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The Peak (Malaysia) - - Travel -

BCE as the an­cient cap­i­tal of the Kalinga Em­pire of yore. From atop the hill of the Khanda­giri and Udaya­giri caves – nat­u­ral struc­tures carved with or­nate fig­ures of dancers and mu­si­cians dur­ing the reign of the Jain king Kar­avela in the sec­ond cen­tury BCE – I marvel at the le­gions of an­cient tem­ples dot­ting the city’s sky­line. From this vista, it is abun­dantly clear why Bhubaneswar is also known as Ekamra Kshetra or Temple City.

His­tory claims that over a thou­sand tem­ples stood tall in the an­cient city, but many have fallen to the pass­ing of time, leav­ing only a hun­dred or so of th­ese struc­tures left, some of which are in var­i­ous states of ruin, while oth­ers re­main ac­tive to this very day. Kalinga tem­ples are dis­tinct in that their struc­tures con­sist of two parts: the deul is a sanc­tum that tow­ers over the rest of the temple, while the jag­mo­han is an assem­bly hall for wor­ship­pers to con­gre­gate and of­fer their prayers. The walls of both struc­tures are lav­ishly sculpted with a pro­fu­sion of fig­ures and deities, each sig­nif­i­cant to the divine be­ing that re­sides in the sa­cred deul. While the mag­nif­i­cent con­struc­tion of th­ese tem­ples are wor­thy of ad­mi­ra­tion, it is the lav­ishly carved fig­ures and sculp­tures that catch my eye.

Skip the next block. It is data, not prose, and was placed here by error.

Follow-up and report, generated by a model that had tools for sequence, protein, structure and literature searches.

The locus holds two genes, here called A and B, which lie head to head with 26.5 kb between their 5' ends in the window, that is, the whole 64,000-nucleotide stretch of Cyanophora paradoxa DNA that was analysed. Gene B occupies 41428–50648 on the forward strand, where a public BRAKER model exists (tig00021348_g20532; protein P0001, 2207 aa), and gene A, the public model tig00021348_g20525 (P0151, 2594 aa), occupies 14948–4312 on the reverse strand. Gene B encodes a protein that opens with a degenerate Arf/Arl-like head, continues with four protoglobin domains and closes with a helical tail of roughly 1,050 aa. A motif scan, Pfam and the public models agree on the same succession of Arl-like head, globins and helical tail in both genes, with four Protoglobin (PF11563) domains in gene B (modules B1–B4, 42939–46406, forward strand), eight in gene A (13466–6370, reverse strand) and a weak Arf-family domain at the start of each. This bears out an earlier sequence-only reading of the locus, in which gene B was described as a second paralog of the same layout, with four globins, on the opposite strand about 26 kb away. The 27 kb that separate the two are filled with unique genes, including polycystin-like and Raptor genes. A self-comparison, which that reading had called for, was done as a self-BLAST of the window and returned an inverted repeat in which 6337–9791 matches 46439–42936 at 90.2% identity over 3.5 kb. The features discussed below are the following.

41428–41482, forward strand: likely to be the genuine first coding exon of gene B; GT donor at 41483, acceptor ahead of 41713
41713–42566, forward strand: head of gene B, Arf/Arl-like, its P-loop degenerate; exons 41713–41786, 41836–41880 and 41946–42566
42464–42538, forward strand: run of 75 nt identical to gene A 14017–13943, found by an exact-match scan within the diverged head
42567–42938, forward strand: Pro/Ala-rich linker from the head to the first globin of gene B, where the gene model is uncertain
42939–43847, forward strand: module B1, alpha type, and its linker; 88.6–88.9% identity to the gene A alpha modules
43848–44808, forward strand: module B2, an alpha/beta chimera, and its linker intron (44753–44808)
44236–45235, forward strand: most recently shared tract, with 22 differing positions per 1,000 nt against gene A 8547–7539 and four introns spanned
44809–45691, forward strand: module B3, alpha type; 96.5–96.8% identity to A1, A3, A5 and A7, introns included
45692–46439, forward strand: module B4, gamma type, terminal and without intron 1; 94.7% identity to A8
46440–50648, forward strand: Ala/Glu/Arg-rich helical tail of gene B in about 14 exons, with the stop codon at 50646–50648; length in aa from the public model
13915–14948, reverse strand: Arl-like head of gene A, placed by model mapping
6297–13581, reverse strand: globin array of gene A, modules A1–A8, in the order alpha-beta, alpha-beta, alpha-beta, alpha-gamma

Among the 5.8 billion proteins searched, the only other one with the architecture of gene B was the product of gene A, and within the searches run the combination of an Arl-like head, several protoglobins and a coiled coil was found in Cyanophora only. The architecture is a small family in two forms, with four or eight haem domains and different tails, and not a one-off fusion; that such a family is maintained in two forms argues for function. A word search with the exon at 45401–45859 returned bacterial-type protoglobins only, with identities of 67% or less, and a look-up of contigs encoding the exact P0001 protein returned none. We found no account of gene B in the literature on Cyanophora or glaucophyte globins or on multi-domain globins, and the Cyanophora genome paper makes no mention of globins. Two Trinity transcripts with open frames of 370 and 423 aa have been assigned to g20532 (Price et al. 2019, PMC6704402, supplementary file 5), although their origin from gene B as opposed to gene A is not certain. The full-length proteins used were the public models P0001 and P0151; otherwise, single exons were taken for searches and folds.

“They look like they’re danc­ing,” I think out loud. Turn­ing to me with a glow­ing smile on his face, Datuk Ramli says: “Be­cause, my dear, there is di­vin­ity in the art of dance.” He points to the nearby sculp­ture of a de­ity whose fig­ure curves grace­fully, form­ing an ‘S’ shape. “This is the

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